Time to Walk the Talk | The Daily Star
12:00 AM, June 14, 2016 / LAST MODIFIED: 05:06 AM, June 16, 2016

Implementing Budget FY2017

Time to Walk the Talk

The FY2017 budget has been announced in the backdrop of the manifold challenges carried over from the past years, but also by taking advantage of the comfort zone provided by the relative macroeconomic stability experienced in recent years. In this backdrop, the key challenge for FY2017 will be to attain the envisaged GDP growth rate of 7.2 percent by translating the stability into higher investment that spurs growth, generates additional employment opportunities in the economy and raises living standards of the common people. Higher growth rate and a move from factor-driven to efficiency and productivity-driven pathways of development will call for greater strategic role of the public sector, both in terms of resource deployment as well as policy and reform initiatives. Bangladesh's budget size, at about 17 percent of the GDP, is still low when compared to many other developing countries, not to speak of some of the developed countries such as the UK, in which case this is equivalent to about 42 percent of the GDP. Thus, per se, the size of the budget is not the issue. What is, however, of concern is the implementation capacity of the Bangladesh state, both in terms of mobilising the needed resources by raising tax effort, broadening the tax base and maintaining distributive justice, and using the mobilized resources appropriately by ensuring allocative efficiency and by raising the efficacy of resource-use. It is reckoned mitigating these concerns will entail addressing formidable challenges in five key areas.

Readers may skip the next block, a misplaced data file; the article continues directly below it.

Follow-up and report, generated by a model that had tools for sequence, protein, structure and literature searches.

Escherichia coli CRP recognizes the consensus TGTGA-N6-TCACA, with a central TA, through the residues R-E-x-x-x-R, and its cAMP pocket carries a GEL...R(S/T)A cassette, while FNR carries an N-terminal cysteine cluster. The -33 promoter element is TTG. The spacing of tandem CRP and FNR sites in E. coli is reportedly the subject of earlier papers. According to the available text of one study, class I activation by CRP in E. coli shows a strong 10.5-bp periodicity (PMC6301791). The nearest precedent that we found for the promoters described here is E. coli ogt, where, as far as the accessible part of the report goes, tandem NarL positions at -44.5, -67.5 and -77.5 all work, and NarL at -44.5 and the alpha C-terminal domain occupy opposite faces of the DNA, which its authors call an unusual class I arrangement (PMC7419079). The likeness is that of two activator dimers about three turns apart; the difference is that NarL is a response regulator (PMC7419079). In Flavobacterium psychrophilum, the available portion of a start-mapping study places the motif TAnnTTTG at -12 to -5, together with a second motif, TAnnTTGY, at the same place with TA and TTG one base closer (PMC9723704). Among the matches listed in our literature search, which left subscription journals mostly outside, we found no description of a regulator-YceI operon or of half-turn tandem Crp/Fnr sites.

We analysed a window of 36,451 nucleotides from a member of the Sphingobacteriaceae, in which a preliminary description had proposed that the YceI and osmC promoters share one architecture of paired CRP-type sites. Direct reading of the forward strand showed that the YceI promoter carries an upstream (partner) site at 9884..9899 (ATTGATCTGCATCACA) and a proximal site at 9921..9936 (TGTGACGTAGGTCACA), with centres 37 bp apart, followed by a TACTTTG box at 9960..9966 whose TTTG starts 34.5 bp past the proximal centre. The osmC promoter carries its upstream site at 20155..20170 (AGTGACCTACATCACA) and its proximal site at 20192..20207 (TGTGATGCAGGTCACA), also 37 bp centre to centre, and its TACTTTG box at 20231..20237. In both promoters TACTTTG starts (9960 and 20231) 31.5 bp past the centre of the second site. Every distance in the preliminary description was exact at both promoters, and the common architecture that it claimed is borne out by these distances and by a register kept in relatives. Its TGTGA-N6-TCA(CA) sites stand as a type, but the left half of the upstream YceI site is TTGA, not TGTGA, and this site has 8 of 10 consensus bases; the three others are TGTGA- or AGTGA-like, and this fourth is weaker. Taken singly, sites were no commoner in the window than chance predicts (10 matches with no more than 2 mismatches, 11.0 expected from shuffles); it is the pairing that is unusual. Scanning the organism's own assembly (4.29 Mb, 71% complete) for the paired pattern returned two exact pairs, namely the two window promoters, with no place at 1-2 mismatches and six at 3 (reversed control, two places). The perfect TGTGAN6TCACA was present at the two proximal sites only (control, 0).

Firstly, as is known, resource mobilisation targets have once again been set at rates which are unlikely to be attained under the business as usual scenario. One would recall that revenue mobilisation target for FY2016 was revised downward in April this year by about Tk. 31 thousand crore (14.9 percent of the original budget). It may be pertinent to mention here that when the FY2016 budget was announced, CPD drew attention to the weaknesses in the fiscal framework and observed that there would be a likely revenue shortfall of about Tk. 40 thousand crore. Indeed, the realised budget for FY2016 will likely be lower than the revised one. In this backdrop, the revenue growth rate planned for FY2017, set at 33 percent higher than the revised budget for FY2016, will turn up to be even higher if compared to the likely actual revenue collection in FY2016. Attaining the ambition of mobilising the significant additional resources will call for more emphasis on direct tax, further broadening of the tax net, raising tax effort, strengthening of the NBR capacity, a more revamped transfer pricing cell and closer coordination involving the central bank, commercial banks and the tax authorities to address issues of tax avoidance and tax evasion. From the medium-term perspective, adequate preparations will need to be undertaken, both on the part of the demand side (relevant government institutions) and supply side (entrepreneurs, business and commercial entities), for implementation of the VAT and SD Act 2012, in a manner that addresses genuine concerns of small businesses but also enables to move gradually towards implementation of this modern and progressive taxation tool.